by Ruth Ross
Like wine, the flavors, aromas, and colors of Broadway musicals can change according to age and the cultural “weather,” often rendering them undrinkable or enhancing their taste and color so they surpass their origins.
Such is the case of Ragtime: The Musical, with book by Terrence McNally, lyrics by Lynn Ahrens and music by Stephen Flaherty, the current summer offering of the Light Opera of New Jersey at the South Orange Performing Arts Center through July 28.
Based on E.L. Doctorow’s 1975 novel, Ragtime opened on Broadway in 1998 to mixed reviews, and while it led that year’s Tony Awards with 13 nominations, it lost to The Lion King as Best Musical. Its lavish, $10 million production budget, along with a large cast and orchestra, affected the show’s bottom line. Since then, however, the show has been produced internationally (in London and Norway), revived on Broadway (2009), presented in concert at Lincoln Center and Ellis Island, and performed regionally all over the United States.
Despite the show’s being derided as “nostalgia for a bygone time,” LONJ’s elegant, deeply affecting Ragtime speaks volumes to an age when “woke” is both an adjective and a verb. Its treatment of gender equality, racial tension and biases against immigrants continue to resonate today, reminding us that the problems of 1906 have never really gone away.
Set in the first decade of the 20th century, Ragtime: The Musical interweaves three distinctly American stories: that of Mother, a stifled white, upper class wife; Tateh, a Jewish immigrant from Latvia determined to succeed in “Amerike”; and Coalhouse Walker, Jr., a talented and daring young black pianist who refuses to be held back by bigotry. All courageously break the chains of their respective social classes and exhibit a hope for a better future. Along the way, their trajectories cross, bringing happiness and tragedy in equal measure.
Once again, Jeffrey Fiorello shows off his masterful directorial talent, melding a cast of 35 into a true ensemble; moving them smoothly on, off and around Brandon Frumolt’s very versatile, yet spare, set (made up of various platforms and a pair of rolling staircases) through 18 different scenes; and getting his principal actors to express emotions and advance the story mostly through music supplemented by brief interludes of narration and dialogue. Robert Cruz’s sound, Mark Reilly’s lighting and Laura Iocometta’s props (there’s even a moving Model T Ford!) further enhance the production’s magnificence. And Mike Patierno’s beautiful costumes enable the large ensemble to assume a myriad of roles and telegraph the social status of the actors in the blink of an eye. (Above, right: a baseball game)
Standouts include an incandescent as Christina Ryan Mother, the New Rochelle housewife who takes charge of her life when her husband accompanies Admiral Peary to the North Pole. It is amazing to watch her metamorphosis from “one who stays put” to a woman with a mission. Anthony Crouchelli is terrific as Mother’s Younger Brother; he too undergoes a transformation: from louche playboy to anarchist. With a strong voice and great stage presence, he commands our attention whenever he appears.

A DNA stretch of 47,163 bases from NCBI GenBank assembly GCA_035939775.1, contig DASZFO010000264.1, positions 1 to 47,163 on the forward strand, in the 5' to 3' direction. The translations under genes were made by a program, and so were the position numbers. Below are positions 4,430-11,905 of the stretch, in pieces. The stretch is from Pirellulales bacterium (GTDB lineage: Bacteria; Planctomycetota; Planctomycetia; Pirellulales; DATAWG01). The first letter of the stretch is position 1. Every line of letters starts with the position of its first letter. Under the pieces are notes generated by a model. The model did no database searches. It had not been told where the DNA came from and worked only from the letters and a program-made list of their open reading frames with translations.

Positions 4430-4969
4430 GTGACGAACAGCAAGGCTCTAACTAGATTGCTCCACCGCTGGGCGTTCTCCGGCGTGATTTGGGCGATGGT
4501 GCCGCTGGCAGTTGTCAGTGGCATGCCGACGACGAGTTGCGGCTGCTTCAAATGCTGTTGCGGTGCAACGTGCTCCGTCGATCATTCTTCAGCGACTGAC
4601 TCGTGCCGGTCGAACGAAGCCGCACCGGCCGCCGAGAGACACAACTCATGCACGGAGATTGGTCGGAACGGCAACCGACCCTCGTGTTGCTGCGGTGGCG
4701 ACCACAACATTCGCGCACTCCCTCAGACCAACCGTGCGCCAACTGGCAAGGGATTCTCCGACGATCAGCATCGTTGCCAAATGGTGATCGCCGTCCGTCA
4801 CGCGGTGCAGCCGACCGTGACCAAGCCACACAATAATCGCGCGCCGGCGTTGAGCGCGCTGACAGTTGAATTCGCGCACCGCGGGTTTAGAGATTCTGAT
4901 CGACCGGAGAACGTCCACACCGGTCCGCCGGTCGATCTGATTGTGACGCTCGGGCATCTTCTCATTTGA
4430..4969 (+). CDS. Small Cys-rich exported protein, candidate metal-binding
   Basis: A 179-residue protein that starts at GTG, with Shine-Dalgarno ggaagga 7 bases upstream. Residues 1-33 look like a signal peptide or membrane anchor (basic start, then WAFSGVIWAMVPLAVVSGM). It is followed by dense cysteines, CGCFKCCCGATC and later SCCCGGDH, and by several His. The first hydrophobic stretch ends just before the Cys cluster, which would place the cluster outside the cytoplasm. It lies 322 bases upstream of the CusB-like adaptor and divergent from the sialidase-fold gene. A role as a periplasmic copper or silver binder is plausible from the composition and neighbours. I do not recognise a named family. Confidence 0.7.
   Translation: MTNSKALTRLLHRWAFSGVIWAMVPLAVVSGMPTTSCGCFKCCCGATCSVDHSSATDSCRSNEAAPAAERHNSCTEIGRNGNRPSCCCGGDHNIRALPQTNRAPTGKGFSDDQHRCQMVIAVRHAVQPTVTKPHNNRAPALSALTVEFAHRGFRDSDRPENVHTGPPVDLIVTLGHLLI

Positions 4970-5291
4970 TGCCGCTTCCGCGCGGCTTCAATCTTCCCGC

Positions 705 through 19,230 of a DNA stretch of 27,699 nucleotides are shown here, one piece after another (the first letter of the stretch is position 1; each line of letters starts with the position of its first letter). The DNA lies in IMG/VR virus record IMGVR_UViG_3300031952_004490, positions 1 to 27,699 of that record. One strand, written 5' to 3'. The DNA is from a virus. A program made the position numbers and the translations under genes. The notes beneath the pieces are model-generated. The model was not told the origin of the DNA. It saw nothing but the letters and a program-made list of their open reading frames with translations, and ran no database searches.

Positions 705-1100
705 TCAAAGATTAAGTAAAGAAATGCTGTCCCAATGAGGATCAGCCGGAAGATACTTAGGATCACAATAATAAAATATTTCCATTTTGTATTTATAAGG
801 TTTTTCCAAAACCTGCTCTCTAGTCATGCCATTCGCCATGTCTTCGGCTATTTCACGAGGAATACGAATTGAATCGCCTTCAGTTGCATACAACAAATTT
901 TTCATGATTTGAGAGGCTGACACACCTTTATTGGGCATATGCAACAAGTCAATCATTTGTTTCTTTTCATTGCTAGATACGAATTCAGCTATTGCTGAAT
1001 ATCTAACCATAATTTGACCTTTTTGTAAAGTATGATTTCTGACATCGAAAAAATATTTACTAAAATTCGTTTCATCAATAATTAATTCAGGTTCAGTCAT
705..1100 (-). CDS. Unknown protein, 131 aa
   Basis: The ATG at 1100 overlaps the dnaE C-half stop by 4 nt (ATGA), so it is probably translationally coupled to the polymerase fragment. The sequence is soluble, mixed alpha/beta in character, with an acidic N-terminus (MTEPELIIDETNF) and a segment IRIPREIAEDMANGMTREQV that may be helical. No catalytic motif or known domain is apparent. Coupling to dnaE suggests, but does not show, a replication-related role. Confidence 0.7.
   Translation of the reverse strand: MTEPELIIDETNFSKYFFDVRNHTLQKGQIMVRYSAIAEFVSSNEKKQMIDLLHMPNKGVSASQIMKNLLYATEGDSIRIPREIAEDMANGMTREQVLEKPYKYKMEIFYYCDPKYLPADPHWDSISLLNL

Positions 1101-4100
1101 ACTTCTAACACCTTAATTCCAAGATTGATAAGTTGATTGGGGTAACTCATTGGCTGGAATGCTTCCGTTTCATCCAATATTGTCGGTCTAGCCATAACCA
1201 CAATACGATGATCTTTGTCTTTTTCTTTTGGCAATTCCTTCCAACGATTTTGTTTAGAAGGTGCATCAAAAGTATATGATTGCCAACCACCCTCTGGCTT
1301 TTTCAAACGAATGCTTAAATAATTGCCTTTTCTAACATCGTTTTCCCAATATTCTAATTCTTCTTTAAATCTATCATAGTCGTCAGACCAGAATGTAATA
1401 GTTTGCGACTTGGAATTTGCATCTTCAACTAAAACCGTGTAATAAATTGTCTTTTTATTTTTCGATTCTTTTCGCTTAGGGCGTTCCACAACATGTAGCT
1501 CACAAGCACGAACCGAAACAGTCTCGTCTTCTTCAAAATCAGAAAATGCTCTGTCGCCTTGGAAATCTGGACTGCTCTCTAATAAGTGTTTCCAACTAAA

Dante Sterling’s suave, cool Coalhouse Walker Jr. is charming and sympathetic, and Amber Brown as Sarah (right) is heartbreakingly beautiful and vulnerable. As Tateh (above, left, with Grace Lustig), the Russian silhouette artist turned film director, Daniel Peter Vissers captures the immigrant’s optimism tinged with fear he won’t be able to provide for his child; his dignity in the face of abject poverty is palpable. Susan Speidel’s Emma Goldman is full of white-hot zeal, and Colleen Renee Lis (below, left) captures the charming silliness of Evelyn Nesbit, “The Girl in the Swing” and a real media darling of the period. Keith White’s Father is appropriately clueless about the changes in the world around him, and Justin Roth is adorable as his Little Boy.
The 18-member ensemble plays multiple roles, provides terrific vocal accompaniment and performs Aimee Sukel Mitacchion’s complex and evocative choreography with agility, energy and grace. Her having the three groups—white family, immigrants and blacks—circle is masterful. The 18 musicians led by Charles Santoro get the syncopation of ragtime music just right to provide a tuneful through line while complementing the actor/singers’ beautiful voices.
This musical pageantry envelops the audience in the very essence of American musical theater, while the lyrics and plot line strike a resonant chord in our social and cultural consciences. America in 1906 faced changes similar those of 2019: technological advancements (automobile, telephone), an influx of immigrants that threatened to change the tenor of American life, and the advancements sought and made by people of color that many white folks found unsettling.
In the 20 years I have been reviewing productions by the Light Opera of New Jersey, the troupe has never disappointed me. Their production of Ragtime: The Musical is the finest theatrical production I have seen all year. So, take your entire family—from teens to seniors—over to SOPAC to catch it before it closes next weekend. With its painless history lesson of a time of change that is, in so many ways, a harbinger of 2019, you will have much to think and talk about on the ride home and for days afterward. LONJ’S Ragtime is a must-see!
Ragtime: The Musical will be performed at the South Orange Performing Arts Center, One SOPAC Way, South Orange (behind the train station) through Sunday, July 28, Fridays & Saturdays at 8 PM and Sundays at 2 PM. Parking is free, and there are lots of restaurants in the area for pre-theater dining. For information and tickets, visit www.lightoperaofnewjersey.org online or call the SOPAC box office at 973.313.2787.